Gunfire erupts in front of National Zoo visitors, leaving one brain dead, five wounded

WASHINGTON - A feud between youths at the National Zoo ended in a hail of gunfire Monday evening, leaving one boy brain dead and wounding five other children at one of the capital's most popular tourist sites, police officials said.

Police were investigating whether the shooting was gang related and sought at least one teen-age gunman who fired a handgun into groups of youths after a confrontation escalated to bottle throwing and then shots, according to authorities and witnesses.

The victims ranged in age from 11 to 16 and were attending a century-old post-Easter gathering at the zoo celebrating African-American families.

A high-ranking police official, speaking on condition of anonymity, said a boy, either 11 or 12 years old, was shot in the head and declared brain dead at a hospital. The boy was being kept alive by machines to allow his family to donate his organs, the official said.

Officials at Children's Hospital National Medical Center, where the boy was being treated, would only say the boy remained in very critical condition.

A 12-year-old girl was in serious condition with a wound to the pelvis, a 14-year-old boy was in serious condition with a leg wound, and three other youths were hospitalized with less serious injuries, according to officials at the hospitals where they were treated.

Hours later, police still circled the zoo in helicopters. ''We are looking into the possibility that it is gang-related, but we are not certain,'' Police Chief Charles Ramsey said.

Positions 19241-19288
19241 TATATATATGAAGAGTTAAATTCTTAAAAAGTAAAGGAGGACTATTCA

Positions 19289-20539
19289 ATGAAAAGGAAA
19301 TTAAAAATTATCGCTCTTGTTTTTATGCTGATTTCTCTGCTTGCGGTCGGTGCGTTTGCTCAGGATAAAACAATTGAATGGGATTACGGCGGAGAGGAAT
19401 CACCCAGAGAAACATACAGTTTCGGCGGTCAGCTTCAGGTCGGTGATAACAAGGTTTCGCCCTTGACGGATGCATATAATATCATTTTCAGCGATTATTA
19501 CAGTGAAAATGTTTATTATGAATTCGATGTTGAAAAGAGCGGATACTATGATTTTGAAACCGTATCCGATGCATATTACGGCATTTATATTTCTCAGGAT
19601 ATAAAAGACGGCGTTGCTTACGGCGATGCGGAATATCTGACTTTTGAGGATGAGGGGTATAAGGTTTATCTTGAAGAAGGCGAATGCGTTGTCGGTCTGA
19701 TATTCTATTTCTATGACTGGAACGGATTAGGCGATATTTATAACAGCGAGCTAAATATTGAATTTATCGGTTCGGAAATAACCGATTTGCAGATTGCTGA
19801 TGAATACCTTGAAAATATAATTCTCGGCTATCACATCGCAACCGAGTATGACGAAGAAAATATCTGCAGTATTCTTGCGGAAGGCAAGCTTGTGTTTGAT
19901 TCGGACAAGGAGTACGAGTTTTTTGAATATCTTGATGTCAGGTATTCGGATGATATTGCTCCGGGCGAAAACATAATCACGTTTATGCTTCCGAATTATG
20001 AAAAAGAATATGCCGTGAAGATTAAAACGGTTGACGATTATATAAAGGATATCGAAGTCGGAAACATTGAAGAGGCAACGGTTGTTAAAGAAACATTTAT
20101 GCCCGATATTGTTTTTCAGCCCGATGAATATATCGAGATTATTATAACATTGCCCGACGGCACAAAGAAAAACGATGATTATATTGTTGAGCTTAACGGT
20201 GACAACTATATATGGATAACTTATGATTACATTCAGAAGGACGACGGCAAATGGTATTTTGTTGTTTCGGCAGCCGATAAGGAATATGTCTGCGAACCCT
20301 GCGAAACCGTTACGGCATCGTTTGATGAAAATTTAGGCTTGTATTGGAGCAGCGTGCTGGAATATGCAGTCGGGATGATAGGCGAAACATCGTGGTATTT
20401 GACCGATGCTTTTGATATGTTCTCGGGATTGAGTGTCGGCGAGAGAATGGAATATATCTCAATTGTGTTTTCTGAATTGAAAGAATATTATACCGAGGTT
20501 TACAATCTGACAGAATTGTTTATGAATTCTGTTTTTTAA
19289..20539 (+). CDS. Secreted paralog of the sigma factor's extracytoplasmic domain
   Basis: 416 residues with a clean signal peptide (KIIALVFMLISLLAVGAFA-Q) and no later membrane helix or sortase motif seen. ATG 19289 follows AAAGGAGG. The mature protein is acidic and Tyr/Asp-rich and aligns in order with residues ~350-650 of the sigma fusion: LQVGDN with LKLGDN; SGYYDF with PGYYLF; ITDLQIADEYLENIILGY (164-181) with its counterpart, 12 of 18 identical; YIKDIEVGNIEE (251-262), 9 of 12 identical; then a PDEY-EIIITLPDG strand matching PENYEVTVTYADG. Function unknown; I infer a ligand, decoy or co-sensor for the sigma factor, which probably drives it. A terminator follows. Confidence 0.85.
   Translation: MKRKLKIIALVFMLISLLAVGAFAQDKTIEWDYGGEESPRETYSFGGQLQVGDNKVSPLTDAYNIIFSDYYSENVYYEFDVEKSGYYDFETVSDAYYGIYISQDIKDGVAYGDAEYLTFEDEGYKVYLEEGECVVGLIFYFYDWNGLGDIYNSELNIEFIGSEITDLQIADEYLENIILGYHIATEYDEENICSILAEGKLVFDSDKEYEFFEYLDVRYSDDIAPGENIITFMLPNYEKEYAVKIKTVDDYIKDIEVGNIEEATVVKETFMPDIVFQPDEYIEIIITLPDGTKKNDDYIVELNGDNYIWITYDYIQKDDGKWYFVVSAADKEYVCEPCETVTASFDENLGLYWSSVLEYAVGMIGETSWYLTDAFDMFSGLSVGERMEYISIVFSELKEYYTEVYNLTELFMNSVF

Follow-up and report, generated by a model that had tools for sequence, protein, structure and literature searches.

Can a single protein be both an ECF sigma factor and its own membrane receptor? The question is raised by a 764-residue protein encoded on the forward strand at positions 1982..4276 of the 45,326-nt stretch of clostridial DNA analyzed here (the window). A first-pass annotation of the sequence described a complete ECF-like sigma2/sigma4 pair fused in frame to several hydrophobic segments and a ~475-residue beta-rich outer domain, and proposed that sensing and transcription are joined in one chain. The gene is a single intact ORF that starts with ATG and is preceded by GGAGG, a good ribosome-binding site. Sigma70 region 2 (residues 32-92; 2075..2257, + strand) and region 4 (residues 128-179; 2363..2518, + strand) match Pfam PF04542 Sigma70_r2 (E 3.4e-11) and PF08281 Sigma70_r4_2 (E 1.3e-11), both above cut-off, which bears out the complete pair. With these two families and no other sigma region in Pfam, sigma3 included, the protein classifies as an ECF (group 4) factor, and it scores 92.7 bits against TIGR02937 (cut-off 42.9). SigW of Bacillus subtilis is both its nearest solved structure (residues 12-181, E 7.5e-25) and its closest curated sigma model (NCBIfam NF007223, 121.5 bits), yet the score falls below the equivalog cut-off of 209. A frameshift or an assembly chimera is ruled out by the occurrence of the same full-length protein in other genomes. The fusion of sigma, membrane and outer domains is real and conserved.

The zoo, a unit of the Smithsonian Institution, is one of the most visited sites in Washington, drawing 3 million local residents and tourists each year. Nestled inside one of northwest Washington's wealthiest neighborhoods, it has seldom experienced violence and was better known for the rare Chinese pandas it housed for over two decades.

The gunfire shortly after 6 p.m. EDT in broad daylight stunned visitors.

''I am not bringing them back. These are my grandkids. It is not safe,'' said Sandra Edwards, who was visiting the zoo with her grandchildren when she heard the shots and saw youths fighting.

In addition to the shootings, a seventh victim suffered a seizure and a pregnant woman was taken to the hospital after going into apparent labor, authorities said.

Witnesses said the shooting occurred near the entrance along Connecticut Avenue, one of the city's main thoroughfares.

Assistant Chief Terrance Gainer said police suspected a 9 mm handgun was used and roped off two shooting scenes - one just outside the zoo entrance and the other about 300 feet inside the zoo.

Nakisha Johnson, 17, said she saw one young man open fire after a feud between youths became violent. She said the children who were wounded were caught in the middle of the two groups.

''He was just shooting at the people he was fighting'' but struck the children bystanders, Johnson said.

The zoo planned to remain closed Tuesday. ''It is just a terrible, terrible tragedy. Our hearts go out to the families,'' zoo spokesman Robert Hoage said.

Witnesses said the shooting occurred when a bottle was thrown from one group of youths at some other youths in a crowd near the zoo gate. A piece of glass struck a young woman in the face, and then shots rang out, the witnesses said.

Mayor Anthony Williams visited Children's Hospital to console victims' families.

About an hour after the shooting, Vice President Al Gore announced the shootings at a Democratic fund-raiser in New York City, bringing gasps from the audience that included actress Lauren Bacall. ''We really have to have mandatory child safety trigger locks,'' Gore told the crowd, sounding a frequent administration theme.

The zoo was established by Congress in 1889 as part of the Smithsonian Institution. It covers 163 wooded acres along Rock Creek in the heart of the capital.

Though located on one of the capital's main boulevards, it has seldom experienced violence.

In 1995, a Little Rock, Ark., woman was found mauled to death in the lion exhibit. Police and the medical examiner ruled the death a suicide.


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